Sadly, it turns out that putting a coffee shop and an art gallery on the corner is not the ticket to economic revitalization:
One of the most influential thinkers about cities in postwar America, wants you to know that he got almost everything about cities wrong.
If you live in an urban center in North America, the United Kingdom, or Australia, you are living in Richard Florida’s world. Fifteen years ago, he argued that an influx of what he called the “creative classes” — artists, hipsters, tech workers — were sparking economic growth in places like the Bay Area. Their tolerance, flexibility, and eccentricity dissolved the rigid structures of industrial production and replaced them with the kinds of workplaces and neighborhoods that attracted more young people and, importantly, more investment.
His observations quickly formed the basis of a set of breezy technical solutions. If decaying cities wanted to survive, they had to open cool bars, shabby-chic coffee shops, and art venues that attract young, educated, and tolerant residents. Eventually, the mysterious alchemy of the creative economy would build a new and prosperous urban core.
Today, even Florida recognizes that he was wrong. The rise of the creative class in places like New York, London, and San Francisco created economic growth only for the already rich, displacing the poor and working classes. The problems that once plagued inner cities have moved to the suburbs.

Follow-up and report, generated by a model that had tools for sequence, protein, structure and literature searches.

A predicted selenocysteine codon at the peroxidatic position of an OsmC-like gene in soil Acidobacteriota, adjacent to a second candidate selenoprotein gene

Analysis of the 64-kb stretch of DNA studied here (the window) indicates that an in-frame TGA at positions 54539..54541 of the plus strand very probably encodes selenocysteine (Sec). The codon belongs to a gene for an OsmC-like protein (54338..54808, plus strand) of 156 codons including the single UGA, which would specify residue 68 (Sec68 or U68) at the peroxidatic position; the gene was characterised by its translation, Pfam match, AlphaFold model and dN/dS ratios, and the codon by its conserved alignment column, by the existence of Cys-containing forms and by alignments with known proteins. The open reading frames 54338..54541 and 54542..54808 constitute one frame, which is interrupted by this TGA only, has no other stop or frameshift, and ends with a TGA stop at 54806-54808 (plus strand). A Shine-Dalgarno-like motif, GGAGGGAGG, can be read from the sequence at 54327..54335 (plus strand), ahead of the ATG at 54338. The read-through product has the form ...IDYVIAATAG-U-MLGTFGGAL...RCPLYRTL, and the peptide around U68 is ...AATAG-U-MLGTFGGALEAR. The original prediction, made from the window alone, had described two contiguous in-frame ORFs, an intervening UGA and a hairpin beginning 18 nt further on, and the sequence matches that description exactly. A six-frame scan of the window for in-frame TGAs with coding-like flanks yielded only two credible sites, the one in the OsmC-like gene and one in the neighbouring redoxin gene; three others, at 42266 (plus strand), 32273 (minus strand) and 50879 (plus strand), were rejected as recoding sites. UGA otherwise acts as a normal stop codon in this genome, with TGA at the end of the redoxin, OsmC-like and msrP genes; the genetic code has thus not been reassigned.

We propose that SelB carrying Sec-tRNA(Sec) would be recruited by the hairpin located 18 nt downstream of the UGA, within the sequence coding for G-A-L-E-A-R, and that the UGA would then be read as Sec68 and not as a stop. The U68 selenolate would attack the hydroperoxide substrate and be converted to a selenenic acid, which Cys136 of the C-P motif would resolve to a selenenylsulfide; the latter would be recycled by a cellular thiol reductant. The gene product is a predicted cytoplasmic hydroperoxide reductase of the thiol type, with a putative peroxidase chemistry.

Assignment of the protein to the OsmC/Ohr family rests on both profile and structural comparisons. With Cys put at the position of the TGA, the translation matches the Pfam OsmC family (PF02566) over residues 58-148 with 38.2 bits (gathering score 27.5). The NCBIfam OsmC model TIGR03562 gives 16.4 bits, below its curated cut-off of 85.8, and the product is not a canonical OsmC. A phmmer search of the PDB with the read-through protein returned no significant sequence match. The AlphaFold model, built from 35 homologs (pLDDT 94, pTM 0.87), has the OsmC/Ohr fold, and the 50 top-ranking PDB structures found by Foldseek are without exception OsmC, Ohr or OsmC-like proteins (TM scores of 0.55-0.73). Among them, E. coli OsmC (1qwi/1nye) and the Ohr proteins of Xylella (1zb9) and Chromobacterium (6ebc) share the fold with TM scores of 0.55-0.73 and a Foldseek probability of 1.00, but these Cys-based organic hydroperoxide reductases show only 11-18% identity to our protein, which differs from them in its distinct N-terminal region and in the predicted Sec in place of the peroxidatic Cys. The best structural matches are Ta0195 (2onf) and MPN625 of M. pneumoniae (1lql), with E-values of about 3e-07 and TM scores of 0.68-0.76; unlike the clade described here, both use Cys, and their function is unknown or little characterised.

To make his case for the creative class, Florida subjected it to strange quantifications. Combining census data on occupation, education, “coolness factor” (based on the number of young people and the quality of “nightlife and culture”) and, bizarrely, the number of gay male residents, he developed a “Bohemia Index” to calculate this group’s magical effect on urban economic growth.
Florida reassures readers that all human beings are fundamentally creative animals, but only a third of us can make a living that way. The creative classes — to which you may, unknowingly, belong — include journalists, college professors, tech workers, graphic designers, and artists of any kind: basically anyone not working in the repetitious and decidedly uncreative manufacturing or service sectors.
The “creative classes” both diagnosed the present state of cities and offered recommendations for future action. Along with Jane Jacobs, Richard Florida has served as an inspiration for mayors, developers, and planners who pedestrianized streets, built bike lanes, and courted cultural attractions like art galleries and theaters.
So, as it turns out, entertainment is not the core of the economy. Someone had better let Disney know the bad news. I suspect they’ll need to come up with some other metric that serves as a more accurate proxy for race.